Excerpted From: Tom Stanley-Becker, Breaking the Cycle of Homelessness and Incarceration: Prisoner Reentry, Racial Justice, and Fair Chance Housing Policy, 7 University of Pennsylvania Journal of Law & Public Affairs 257 (May, 2022) (329 Footnotes) (Full Document)
After his release from prison he was homeless. A 45-year-old Black man, Adrian Laster lived on the streets of Seattle, excluded from rental housing upon his reentry into free society. His crimes were non-violent drug offenses, but landlords turned him away. Stigmatized because of his criminal history, he joined the city's homeless population, composed disproportionately of people of color. “'I wish I could erase the felonies but I can't,’ Laster said. 'I think everybody deserves a chance.”’
Prisoner reentry is an urgent policy issue, brought to the fore by public concern with both the moral wrongs and fiscal costs of a system of mass incarceration that has become entrenched during the past half century--a system that has institutionalized racism by disproportionately imprisoning people of color. Among the direst problems confronted by former offenders on reentering society is homelessness. That problem was all the more acute during the Covid-19 public health crisis, as hundreds of thousands of inmates, released from jails and prisons across the country to limit outbreaks of the coronavirus, searched for stable and affordable housing. Criminal history disadvantages such home-seekers in the rental housing market, inhibiting prisoner reentry.
This article examines innovative local anti-discrimination legislation that addresses the confluence of mass incarceration and homelessness. The measures-- known as fair chance housing ordinances--restrict the use of criminal history in denying access to rental housing. To date, the ordinances have been enacted in fifteen localities across the nation, all but one since 2014, and related bills have been introduced in statehouses and Congress. The ordinances aim to support prisoner reentry into society and reduce structural barriers to housing that limit life chances, combatting both homelessness among people with criminal records and the risk of recidivism that is heightened by homelessness.
People of color are disproportionately caught in what the United States Interagency Council on Homelessness has termed a “cycle of homelessness and incarceration,” this article reveals. By disrupting that cycle, this article argues, the fair chance housing ordinances constitute a potent challenge to both systemic racism and discrimination based on criminal history. Notably, the ordinances build on a foundation laid by the Fair Housing Act of 1968 (FHA) but reach beyond the Act's protections to target bias against formerly incarcerated persons. This article analyzes the emergence, development, and provisions of the ordinances, examining local initiatives in the context of evolving federal and state efforts to counter bias against ex-offenders in the housing market. In particular, it considers guidance from the U.S. Department of Housing and Urban Development (HUD) concerning disparate racial impact as a consequence of rental housing exclusion based on criminal history. The article also shows how “ban the box” employment measures, aimed at countering discrimination against ex-offenders in the labor market, have provided a model for the housing ordinances. And it takes account of the grassroots activism that inspired the fair chance housing policy by highlighting the interconnected wrongs of homelessness, mass incarceration, and racial injustice.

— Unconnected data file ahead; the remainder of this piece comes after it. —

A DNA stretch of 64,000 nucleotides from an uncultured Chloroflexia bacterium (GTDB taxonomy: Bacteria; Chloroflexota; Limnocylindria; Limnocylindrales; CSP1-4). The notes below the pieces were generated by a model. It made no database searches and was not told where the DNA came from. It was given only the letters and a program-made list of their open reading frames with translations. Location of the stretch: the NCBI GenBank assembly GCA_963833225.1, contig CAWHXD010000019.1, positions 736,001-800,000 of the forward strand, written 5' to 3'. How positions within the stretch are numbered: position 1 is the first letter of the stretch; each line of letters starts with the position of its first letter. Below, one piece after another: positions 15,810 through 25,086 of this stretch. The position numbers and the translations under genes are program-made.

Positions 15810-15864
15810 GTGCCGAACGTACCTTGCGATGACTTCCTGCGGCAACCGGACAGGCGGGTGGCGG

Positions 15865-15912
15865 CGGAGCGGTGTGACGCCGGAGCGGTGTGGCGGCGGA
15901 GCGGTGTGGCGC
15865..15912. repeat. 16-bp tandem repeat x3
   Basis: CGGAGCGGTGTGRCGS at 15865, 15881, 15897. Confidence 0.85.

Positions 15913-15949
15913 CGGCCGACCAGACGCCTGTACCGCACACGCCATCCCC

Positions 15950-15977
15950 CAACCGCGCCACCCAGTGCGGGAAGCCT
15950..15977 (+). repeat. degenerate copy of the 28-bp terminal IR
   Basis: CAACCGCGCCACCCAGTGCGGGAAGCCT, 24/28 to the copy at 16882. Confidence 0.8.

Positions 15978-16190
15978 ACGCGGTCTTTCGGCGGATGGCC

This article focuses on the fair chance housing legislation developed in Seattle as a case study. The city has adopted a pair of ordinances distinctive in both establishing new civil rights protections for people with a criminal history and expanding restrictions on the prerogatives of owners of rental property. A 2016 ordinance created a “first-in-time” rule expressly intended to counter implicit bias by requiring landlords to offer rental units to the first qualified applicant. A 2017 ordinance created a novel suspect classification, defining people with a criminal history as a class protected from housing discrimination. Both provisions were unprecedented, setting Seattle at the forefront of achieving criminal justice and anti-discriminatory housing reform, and both have been subject to legal challenge by property owners.
This article argues that fair chance housing legislation modeled on the Seattle ordinances is needed to promote prisoner reentry by breaking the cycle of homelessness and incarceration. But the article also proposes an exemption for small rental properties occupied by the landlord, parallel to that in the FHA, and finds that fair chance housing policy must be paired with heightened enforcement of civil rights laws to prevent use of race as a proxy for criminal history as well as with regulations and incentives to increase the supply of low-income housing in rental markets.